A Servant's Heart: Volunteer Ministry Center (VMC) and St. John's Parishoners

March 15, 2015

 

Bob and Molly Joy have been serving our neighbors at the VMC for five years. When the Joys moved to Knoxville from New Jersey, they were looking for a volunteer opportunity they could do together. That’s when they met Ginny Wetherstone, former director of the VMC, and their Friday morning adventures began. Bob had worked for Colgate Palmolive having traveled to over 100 countries as a senior executive and retired once their sons Robert and Christopher got to high school so that he could spend some time with his family. Molly holds a PhD in Political Science and had worked several years in educational research. 

 

Bob and Molly are especially touched by the opportunity to get to know those neighbors with whom many do not want to engage. They are blessed by getting to hear peoples’ stories and build relationships, breaking down the barriers that exist. Upon meeting a new neighbor in need, the Joys introduce themselves with a warm handshake and their names, then an invitation to talk about what is going on. Bob says, “Suddenly there’s a change in their demeanor…99% are open about their lives and telling their stories.”  Whether these people have no family or community support due to extreme mental illness, or they are one broken down vehicle or family illness away from being homeless, or they have made a series of unfortunate life choices, Bob and Molly look for ways to connect and support each person. Volunteer Ministry Center helps in many ways, including assistance with rent or utilities, covering the cost of a prescribed medication, providing clothing, replacing various forms of identification, and so much more. Bob speaks of the many examples of neighbors they’ve been able to bond with. He tells of an Iraq Veteran who served with distinction but came home to no help or support. Unable to adjust he turned to alcohol and drugs. Now he has access to his prescriptions and is like anyone else when he is on his medication. Bob also tells of an educated man, with a successful career and a nice home, but who now lives on the streets, unable to recover from his son’s suicide. Molly says their experiences at VMC each week help keep life in perspective and Bob says that is something that brings to life what they hear each Sunday at St. John’s. In fact, when Bob and Molly returned to their southern roots they visited several churches, many of them much closer to home in Vonore, but “…sitting in the space and seeing the choir and procession…St. John’s just felt like home.

Bob and Molly Joy have been serving our neighbors at the VMC for five years. When the Joys moved to Knoxville from New Jersey, they were looking for a volunteer opportunity they could do together. That’s when they met Ginny Wetherstone, former director of the VMC, and their Friday morning adventures began. Bob had worked for Colgate Palmolive having traveled to over 100 countries as a senior executive and retired once their sons Robert and Christopher got to high school so that he could spend some time with his family. Molly holds a PhD in Political Science and had worked several years in educational research.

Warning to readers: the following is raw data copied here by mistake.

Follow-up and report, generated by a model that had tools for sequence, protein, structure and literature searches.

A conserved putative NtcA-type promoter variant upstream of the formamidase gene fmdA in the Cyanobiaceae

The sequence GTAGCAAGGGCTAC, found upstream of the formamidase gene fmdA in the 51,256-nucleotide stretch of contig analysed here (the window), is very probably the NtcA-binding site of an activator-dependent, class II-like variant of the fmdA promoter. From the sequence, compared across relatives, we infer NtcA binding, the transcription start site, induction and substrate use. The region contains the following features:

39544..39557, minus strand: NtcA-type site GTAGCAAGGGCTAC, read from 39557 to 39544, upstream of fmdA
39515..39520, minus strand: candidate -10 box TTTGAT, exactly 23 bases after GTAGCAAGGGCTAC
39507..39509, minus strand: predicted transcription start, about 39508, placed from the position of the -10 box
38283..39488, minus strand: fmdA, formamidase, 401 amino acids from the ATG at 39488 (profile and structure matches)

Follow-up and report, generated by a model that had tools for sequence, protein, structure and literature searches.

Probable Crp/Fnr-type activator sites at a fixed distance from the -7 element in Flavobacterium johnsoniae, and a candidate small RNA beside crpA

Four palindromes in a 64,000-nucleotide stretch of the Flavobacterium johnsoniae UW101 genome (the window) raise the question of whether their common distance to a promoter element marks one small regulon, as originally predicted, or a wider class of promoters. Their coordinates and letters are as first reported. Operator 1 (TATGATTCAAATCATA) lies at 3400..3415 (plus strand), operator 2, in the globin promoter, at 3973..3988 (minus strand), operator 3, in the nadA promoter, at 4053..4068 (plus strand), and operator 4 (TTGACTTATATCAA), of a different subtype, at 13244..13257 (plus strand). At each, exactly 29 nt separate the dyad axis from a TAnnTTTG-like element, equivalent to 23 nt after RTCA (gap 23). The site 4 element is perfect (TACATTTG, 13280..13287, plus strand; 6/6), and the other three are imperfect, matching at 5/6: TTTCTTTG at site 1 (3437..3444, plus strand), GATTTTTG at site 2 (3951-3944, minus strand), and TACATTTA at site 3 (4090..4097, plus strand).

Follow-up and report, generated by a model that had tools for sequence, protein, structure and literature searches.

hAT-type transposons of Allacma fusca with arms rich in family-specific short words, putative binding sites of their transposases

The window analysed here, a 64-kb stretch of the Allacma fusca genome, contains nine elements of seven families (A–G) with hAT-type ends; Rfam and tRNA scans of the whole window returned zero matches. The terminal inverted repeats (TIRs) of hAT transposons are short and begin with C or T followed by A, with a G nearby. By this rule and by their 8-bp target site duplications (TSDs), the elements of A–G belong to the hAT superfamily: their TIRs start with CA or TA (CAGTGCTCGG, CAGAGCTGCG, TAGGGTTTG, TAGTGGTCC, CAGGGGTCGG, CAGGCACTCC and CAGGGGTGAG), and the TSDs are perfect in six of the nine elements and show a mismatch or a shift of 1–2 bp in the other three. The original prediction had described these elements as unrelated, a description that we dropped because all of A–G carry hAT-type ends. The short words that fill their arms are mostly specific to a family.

Bob and Molly are especially touched by the opportunity to get to know those neighbors with whom many do not want to engage. They are blessed by getting to hear peoples’ stories and build relationships, breaking down the barriers that exist. Upon meeting a new neighbor in need, the Joys introduce themselves with a warm handshake and their names, then an invitation to talk about what is going on. Bob says, “Suddenly there’s a change in their demeanor…99% are open about their lives and telling their stories.”  Whether these people have no family or community support due to extreme mental illness, or they are one broken down vehicle or family illness away from being homeless, or they have made a series of unfortunate life choices, Bob and Molly look for ways to connect and support each person. Volunteer Ministry Center helps in many ways, including assistance with rent or utilities, covering the cost of a prescribed medication, providing clothing, replacing various forms of identification, and so much more. Bob speaks of the many examples of neighbors they’ve been able to bond with. He tells of an Iraq Veteran who served with distinction but came home to no help or support. Unable to adjust he turned to alcohol and drugs. Now he has access to his prescriptions and is like anyone else when he is on his medication. Bob also tells of an educated man, with a successful career and a nice home, but who now lives on the streets, unable to recover from his son’s suicide. Molly says their experiences at VMC each week help keep life in perspective and Bob says that is something that brings to life what they hear each Sunday at St. John’s. In fact, when Bob and Molly returned to their southern roots they visited several churches, many of them much closer to home in Vonore, but “…sitting in the space and seeing the choir and procession…St. John’s just felt like home.

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